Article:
By Beth Blew, Penn State
Often referred to as “stomach flu,” norovirus is most common in Pennsylvania during the winter months. Common symptoms include vomiting, diarrhea, stomach cramping and nausea. Early outbreaks have been reported from throughout the Commonwealth, indicating that the incidence of norovirus could be high this year.
Norovirus is highly contagious, easily transmittable and able to survive for three to four weeks at room temperature. Individuals with norovirus are contagious from the time they begin to feel sick until three days (or longer) after recovery. These factors make the close quarters associated with college life particularly challenging for prevention. “Flu season has also begun at University Park,” stressed Shelley Haffner, infection control nurse manager at University Health Services. “And norovirus is hitting at the same time. This makes prevention even more important.”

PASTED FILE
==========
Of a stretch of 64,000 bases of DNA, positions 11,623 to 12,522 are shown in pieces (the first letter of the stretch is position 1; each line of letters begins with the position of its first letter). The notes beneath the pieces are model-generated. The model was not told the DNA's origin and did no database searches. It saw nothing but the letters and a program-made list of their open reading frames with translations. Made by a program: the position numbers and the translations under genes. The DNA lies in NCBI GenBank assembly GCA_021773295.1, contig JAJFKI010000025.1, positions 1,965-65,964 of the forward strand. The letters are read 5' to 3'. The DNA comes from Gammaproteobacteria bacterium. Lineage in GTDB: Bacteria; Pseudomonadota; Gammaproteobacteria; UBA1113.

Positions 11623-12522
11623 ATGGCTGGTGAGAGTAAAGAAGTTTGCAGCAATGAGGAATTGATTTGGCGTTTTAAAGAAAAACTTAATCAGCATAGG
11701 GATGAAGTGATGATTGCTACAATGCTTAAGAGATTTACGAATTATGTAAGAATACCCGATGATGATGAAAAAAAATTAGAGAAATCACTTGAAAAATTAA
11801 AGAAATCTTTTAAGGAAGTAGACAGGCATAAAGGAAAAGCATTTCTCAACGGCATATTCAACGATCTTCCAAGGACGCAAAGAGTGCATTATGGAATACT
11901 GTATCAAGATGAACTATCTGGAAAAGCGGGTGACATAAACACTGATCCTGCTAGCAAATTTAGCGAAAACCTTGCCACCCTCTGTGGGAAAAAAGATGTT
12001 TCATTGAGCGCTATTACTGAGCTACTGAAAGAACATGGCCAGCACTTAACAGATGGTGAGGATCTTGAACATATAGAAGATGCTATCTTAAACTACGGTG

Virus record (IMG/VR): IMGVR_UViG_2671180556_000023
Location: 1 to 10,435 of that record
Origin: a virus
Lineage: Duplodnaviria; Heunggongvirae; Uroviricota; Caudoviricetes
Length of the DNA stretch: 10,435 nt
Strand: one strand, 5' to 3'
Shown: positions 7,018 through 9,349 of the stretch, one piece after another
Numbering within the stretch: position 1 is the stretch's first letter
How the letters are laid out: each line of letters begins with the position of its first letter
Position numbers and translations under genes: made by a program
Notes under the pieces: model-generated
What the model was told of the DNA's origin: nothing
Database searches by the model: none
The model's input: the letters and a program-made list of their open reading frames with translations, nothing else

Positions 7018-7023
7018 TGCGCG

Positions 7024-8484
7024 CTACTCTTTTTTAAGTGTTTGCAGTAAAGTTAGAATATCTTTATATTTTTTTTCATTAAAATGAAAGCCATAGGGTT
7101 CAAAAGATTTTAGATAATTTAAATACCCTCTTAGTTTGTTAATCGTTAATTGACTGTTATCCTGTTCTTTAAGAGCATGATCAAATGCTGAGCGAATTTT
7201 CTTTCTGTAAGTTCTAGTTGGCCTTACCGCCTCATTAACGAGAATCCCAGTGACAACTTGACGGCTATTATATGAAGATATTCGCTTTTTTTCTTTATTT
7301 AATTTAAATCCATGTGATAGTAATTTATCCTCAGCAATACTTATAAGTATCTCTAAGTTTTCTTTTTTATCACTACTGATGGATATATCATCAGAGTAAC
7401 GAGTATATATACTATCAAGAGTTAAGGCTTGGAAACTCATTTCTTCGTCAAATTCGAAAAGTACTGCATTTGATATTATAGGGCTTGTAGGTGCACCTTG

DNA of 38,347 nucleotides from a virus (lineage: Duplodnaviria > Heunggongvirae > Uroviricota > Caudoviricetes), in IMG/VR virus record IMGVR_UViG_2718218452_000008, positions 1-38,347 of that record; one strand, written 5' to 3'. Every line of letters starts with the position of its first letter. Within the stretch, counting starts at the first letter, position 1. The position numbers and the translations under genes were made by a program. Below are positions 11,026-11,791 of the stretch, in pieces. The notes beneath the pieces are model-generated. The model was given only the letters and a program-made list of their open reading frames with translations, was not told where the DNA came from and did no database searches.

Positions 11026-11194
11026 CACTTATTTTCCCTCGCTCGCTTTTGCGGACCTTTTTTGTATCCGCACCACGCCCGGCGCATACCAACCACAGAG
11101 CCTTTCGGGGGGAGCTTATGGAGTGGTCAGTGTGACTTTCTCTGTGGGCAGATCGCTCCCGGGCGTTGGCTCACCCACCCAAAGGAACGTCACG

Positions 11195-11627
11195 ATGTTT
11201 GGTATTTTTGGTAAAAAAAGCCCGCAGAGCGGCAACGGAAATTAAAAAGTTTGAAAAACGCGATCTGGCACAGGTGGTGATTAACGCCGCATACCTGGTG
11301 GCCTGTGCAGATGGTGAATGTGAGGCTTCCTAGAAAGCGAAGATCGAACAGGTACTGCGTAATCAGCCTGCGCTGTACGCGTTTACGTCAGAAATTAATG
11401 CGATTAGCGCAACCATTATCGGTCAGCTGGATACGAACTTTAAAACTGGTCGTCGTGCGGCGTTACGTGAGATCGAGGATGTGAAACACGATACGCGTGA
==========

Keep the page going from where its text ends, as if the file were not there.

There is no vaccine to prevent norovirus and symptoms are generally not serious. Norovirus can lead to dehydration and more severe symptoms in individuals with other health conditions. Drinking plenty of fluids — including electrolyte replacing drinks — will help prevent dehydration.
Thorough and frequent handwashing is key to preventing the spread of norovirus. Handwashing after restroom use and before eating or preparing food are especially important. Individuals with norovirus should not prepare food for others while sick and for three days after recovery from their illness. Cleaning contaminated surfaces with a bleach-based cleaning product or a solution of bleach and water can also stop the spread of norovirus.